Activities are marked with the following age-range suggestions:
- EE — Early elementary (grades K-2)
- LE — Late elementary (grades 3-5)
- MS — Middle school (grades 6-8)
- HS — High school (grades 9+)
Watch an interview with Sean A. Doyle
Watch a scene from the final workshop that contains a soundscape
This simple activity can be adapted for students of all ages and repeated many times using different soundscapes.
Ask students to listen closely to the sounds in the room around them. Encourage students to close their eyes if they are comfortable doing so, in order to focus deeply on the sensory experience of sound. A seemingly silent room may not be so silent after all!
Provide students with paper and drawing utensils. Ask students to use their imaginations and draw what they hear. Drawings can be entirely abstract or tell a clear story about the sounds in the room.
In pairs, small groups, or the whole class, students share their drawings. Students may offer accompanying descriptions, or you may prefer a silent sharing routine, such as a gallery walk, asking students afterwards what they saw and observed in the class’ artwork.
Repeat in a new location, such as a gymnasium, a busy park or town square, or a wooded meadow.
Repeat with specific music playing.
To extend this exercise…
- Have students trade drawings and write stories or poems inspired by each others’ artwork
- Try the exercise backwards, by showing students a work of art and asking them to make or find sounds or music that might pair with that art
The video clips below explore the impact of removing or changing underscoring music in iconic movie scenes. Share one or more of these clips with your class. Be sure to watch each clip before sharing, as some may contain content less suited for younger viewers.
- Jaws – this clip shows a scene without its music and then with its music
- Pirates of the Caribbean – this clip shows the same scene multiple times with different choices for music
- The Lion King – this clip shows the same scene multiple times with different choices for music
- Star Wars – this clip shows a scene without its music
Pose the following question to your class: In the Jaws clip, the host says that the music is key for the scene because there are moments “where the audience has to be told where to go.” What do you think he means by this? Can you identify the moments in this clip or others where the music conveys information to the audience?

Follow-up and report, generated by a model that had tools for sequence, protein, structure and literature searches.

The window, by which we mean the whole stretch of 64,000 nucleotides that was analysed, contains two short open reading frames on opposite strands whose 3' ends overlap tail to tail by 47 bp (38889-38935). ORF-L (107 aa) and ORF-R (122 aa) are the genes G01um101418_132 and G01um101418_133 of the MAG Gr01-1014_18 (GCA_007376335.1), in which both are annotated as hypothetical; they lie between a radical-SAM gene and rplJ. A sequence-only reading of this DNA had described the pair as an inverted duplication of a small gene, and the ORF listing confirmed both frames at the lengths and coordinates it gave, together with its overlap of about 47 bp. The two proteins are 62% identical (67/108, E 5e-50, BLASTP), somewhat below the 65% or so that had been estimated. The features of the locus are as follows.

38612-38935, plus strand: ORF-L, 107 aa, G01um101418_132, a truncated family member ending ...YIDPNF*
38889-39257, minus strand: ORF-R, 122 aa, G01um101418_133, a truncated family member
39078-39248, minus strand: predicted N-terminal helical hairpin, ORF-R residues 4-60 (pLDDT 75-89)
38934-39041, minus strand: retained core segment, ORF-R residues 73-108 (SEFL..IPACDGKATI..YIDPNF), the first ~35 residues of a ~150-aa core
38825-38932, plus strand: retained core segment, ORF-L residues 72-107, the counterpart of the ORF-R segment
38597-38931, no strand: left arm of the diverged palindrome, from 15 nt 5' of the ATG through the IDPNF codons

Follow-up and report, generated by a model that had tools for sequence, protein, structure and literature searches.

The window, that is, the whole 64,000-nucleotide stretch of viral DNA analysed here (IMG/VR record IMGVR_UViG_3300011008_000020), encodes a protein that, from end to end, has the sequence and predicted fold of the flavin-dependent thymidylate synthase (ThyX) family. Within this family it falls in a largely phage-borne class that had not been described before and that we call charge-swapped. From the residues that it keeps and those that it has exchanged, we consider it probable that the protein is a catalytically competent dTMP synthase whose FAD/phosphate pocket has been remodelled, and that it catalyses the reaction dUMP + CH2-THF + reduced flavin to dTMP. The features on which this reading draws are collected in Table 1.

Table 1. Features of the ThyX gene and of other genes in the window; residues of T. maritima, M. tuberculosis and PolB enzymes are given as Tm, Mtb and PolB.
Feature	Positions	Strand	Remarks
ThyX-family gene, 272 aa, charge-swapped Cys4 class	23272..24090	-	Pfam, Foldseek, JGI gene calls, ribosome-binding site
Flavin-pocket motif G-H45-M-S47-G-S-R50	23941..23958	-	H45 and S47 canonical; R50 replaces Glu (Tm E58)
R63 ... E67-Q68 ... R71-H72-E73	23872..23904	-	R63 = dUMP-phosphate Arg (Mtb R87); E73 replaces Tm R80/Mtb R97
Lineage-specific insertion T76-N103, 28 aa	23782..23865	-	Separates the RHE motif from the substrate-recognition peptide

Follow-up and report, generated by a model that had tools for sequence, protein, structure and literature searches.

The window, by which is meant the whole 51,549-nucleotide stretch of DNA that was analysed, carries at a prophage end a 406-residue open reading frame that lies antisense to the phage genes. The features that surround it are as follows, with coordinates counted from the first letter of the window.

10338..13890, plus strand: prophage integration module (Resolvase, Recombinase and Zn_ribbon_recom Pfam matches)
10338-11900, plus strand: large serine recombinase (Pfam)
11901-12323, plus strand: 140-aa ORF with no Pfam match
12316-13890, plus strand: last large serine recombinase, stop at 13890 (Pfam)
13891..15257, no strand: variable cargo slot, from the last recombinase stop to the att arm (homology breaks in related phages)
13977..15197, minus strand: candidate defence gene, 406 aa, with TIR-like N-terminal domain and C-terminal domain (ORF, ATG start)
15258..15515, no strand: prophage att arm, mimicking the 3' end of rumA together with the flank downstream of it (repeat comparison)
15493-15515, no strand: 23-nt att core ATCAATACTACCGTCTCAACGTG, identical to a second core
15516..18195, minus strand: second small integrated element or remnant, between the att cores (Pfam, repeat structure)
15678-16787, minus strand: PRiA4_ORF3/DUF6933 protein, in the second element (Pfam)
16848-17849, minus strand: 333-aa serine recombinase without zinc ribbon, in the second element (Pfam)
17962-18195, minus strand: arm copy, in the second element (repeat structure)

Use one or more of these clips as discussion starters for the way that sound design, especially musical underscoring, helps tell a story.
Experiment with playing different choices for background music while watching scenes from Make Way For Ducklings. How does the meaning or intention of the scene change as you swap in different musical pieces?
Using a music curating app such as Spotify, ask students to build a selection of songs, or a playlist, that describes a character. The playlist can either capture a character’s emotional state in a specific moment of the story, or trace the character’s arc from the beginning through the middle and the end of the story.
Students should use songs they know whose titles, lyrics, melodies, and/or instrumentation paint a picture of the character they have selected.
- with characters from Make Way For Ducklings, such as Mr. or Mrs. Mallard, Quack the duckling, or Officer Michael.
- with characters students choose from their favorite books, plays, movies, or television shows.
- with characters from a book or story your class is reading or studying together.
In this activity, students use what they have in the environment around them, whether a classroom or their home, to experiment with creating sounds, much like a Foley artist who uses objects to produce sound effects for radio plays.
Start by having students gather a small collection of items from the environment around them. Encourage students to gather materials of different sizes, weights, and materials.
Ask students to begin experimenting with different sounds that can be made with the items they collected, either one item at a time or using items in different combinations. Can you produce a high sound? A low sound? A sustained sound? A spooky sound? A silly sound?
Next, ask students to use these items or others around them to produce specific sounds. What do you have around you that could make the sound of… A thunderstorm? A gentle breeze? A creaking door? Footsteps in gravel? Something breaking? A duck quacking? Car horns honking? A dog barking, a cat meowing, or a bird chirping? A train whistle?